How the 2013 Medicare Tax Affects TaxpayersJanuary 30th, 2013 | Posted by in Medicare Costs | Medicare News
Congress resolved and passed the American Taxpayer Relief Act of 2012 in the last minutes of 2012, avoiding hitting the January 1st deadline by a slim margin. This act increased taxes for those with incomes above a certain limit and also established higher payroll taxes for workers.
As discussed in an earlier post, this bill passed to avert the “fiscal cliff” affects the future of the Medicare program while also preventing additional tax hikes and spending cuts that would have adversely affected the entire nation.
This post will explain how Americans are affected by the 2013 Medicare tax and how organizations plan to tackle the issue in the future.
A worker whose taxable income falls below a certain limit will not see an increase in his ordinary income tax, but will still remain in his tax bracket paying between 10 percent and 35 percent in taxes. Those single filers with a taxable income above the threshold of $400,000 a year as well as married filers with income over $450,000, married separate filers with incomes over $225,000, and heads of household with incomes over $425,000 will pay the new 39.6 percent income tax rate. This rate increased from the previous 35 percent tax rate.
The Additional Medicare Tax is a payroll tax applied to an individual’s wages, compensation, or self-employment revenue over a certain threshold amount. This tax is taken directly from one’s paycheck and the tax itself is an additional 0.9 percent.
The Affordable Care Act of 2010 stipulated a Medicare surtax to curb the costs of the health care legislation. This surtax is a 3.8 percent additional tax on income from dividends, interest, royalties, capital gains, and more. This surtax applies to single filers who have an adjusted gross income that exceeds $200,000 and married filers with incomes exceeding $250,000.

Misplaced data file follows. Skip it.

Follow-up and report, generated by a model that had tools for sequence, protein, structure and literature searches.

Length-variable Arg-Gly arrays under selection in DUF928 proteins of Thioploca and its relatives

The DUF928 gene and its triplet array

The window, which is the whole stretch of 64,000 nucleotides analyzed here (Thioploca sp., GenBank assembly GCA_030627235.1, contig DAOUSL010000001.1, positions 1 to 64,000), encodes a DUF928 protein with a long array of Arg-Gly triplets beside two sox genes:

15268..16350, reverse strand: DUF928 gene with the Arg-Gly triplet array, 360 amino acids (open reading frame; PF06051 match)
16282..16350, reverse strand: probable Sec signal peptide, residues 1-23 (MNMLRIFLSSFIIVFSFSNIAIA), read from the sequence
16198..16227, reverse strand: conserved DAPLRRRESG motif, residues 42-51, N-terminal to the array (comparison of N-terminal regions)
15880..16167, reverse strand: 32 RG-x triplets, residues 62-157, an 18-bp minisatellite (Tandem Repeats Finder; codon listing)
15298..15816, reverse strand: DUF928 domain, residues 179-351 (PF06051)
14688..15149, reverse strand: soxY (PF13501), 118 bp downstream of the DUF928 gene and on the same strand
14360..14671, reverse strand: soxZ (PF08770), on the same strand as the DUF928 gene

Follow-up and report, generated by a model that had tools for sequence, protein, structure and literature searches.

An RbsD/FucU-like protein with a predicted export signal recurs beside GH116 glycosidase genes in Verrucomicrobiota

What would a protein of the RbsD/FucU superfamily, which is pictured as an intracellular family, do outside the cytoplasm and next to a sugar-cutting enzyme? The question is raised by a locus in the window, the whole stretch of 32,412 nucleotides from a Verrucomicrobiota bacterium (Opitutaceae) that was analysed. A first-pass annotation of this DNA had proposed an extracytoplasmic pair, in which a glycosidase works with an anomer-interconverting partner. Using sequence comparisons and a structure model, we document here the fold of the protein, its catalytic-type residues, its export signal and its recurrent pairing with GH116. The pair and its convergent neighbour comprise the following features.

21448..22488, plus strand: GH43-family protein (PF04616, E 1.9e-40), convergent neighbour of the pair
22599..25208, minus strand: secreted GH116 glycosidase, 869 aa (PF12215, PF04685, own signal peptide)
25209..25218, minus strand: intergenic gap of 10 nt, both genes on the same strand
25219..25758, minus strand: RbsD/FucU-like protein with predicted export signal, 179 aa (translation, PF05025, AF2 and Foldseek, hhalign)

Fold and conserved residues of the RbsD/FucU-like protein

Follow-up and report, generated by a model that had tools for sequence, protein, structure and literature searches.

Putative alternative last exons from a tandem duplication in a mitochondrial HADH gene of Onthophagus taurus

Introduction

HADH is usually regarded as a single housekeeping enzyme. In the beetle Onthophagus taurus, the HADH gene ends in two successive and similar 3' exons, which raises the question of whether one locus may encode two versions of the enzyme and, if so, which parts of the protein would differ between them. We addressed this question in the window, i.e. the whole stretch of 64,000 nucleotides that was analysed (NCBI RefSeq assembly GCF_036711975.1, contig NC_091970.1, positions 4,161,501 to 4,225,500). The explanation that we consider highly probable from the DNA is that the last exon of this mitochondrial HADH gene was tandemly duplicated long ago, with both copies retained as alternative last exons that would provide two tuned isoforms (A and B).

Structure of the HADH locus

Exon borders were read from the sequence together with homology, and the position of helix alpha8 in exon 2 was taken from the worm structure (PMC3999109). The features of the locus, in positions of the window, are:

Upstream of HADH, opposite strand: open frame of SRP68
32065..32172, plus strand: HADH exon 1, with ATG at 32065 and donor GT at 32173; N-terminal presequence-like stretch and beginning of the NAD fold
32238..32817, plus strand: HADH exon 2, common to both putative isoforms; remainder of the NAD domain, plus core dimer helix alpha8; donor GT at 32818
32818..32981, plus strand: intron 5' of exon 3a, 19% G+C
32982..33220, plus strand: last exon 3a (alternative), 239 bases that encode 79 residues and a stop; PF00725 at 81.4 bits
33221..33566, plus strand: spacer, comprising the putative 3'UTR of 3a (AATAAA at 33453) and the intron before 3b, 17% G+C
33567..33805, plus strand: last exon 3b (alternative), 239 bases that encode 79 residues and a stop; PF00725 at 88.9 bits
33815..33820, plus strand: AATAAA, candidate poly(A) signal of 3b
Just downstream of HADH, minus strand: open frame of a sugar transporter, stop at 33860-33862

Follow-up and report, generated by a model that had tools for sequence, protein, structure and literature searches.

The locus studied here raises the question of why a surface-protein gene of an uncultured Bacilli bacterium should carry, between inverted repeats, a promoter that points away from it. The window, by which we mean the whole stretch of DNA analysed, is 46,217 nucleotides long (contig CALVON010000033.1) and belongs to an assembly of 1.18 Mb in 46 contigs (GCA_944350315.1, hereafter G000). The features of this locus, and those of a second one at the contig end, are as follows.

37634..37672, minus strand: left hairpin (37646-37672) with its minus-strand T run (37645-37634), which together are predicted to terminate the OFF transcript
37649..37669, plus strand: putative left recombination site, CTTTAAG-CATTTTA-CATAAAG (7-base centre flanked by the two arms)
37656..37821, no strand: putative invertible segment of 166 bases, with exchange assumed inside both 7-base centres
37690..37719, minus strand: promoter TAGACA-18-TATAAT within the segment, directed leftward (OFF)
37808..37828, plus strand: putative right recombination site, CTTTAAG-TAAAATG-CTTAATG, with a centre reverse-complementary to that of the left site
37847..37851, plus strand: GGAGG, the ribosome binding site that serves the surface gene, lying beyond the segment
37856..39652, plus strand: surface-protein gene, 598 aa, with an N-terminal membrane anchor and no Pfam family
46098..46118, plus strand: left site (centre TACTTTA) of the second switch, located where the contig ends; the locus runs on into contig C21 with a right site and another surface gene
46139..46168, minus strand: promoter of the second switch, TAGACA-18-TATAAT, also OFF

The NEWT Act
The Narrowing Exceptions for Withholding Taxes (NEWT) Act was recently re-introduced by House Democrats to prevent some workers from avoiding Medicare taxes. This bill got its name when former House Speaker Gingrich earned $3 million but declared $2.4 million of this amount a “profit,” and therefore saved over $69,000 in Medicare taxes. According to Rep. Charles Rangel, this bill will close a loophole in the tax code by targeting self-employed people who have organized their businesses so that their earnings are referred to as profits and are not subject to any Medicare taxes. The Joint Committee on Taxation estimated that closing this loophole would raise $11.2 billion in revenue over the next decade.
The Business Roundtable
A popular idea presented by the Business Roundtable, a representative group of chief executives of major U.S. companies, proposed to stop excessive Social Security and Medicare spending by raising the eligibility age without increasing income taxes. This group wants to raise the retirement age to 70 from 67 and scale back benefits for wealthier recipients. Under this plan, Medicare would become a system of private plans that would compete with the government-sponsored program. This is similar to the Republican budget plan that was rejected by the Democrat-run Senate.
What do you think of the new Medicare taxes and the proposals to curb Medicare spending?
Medicare has not reviewed or approved this information.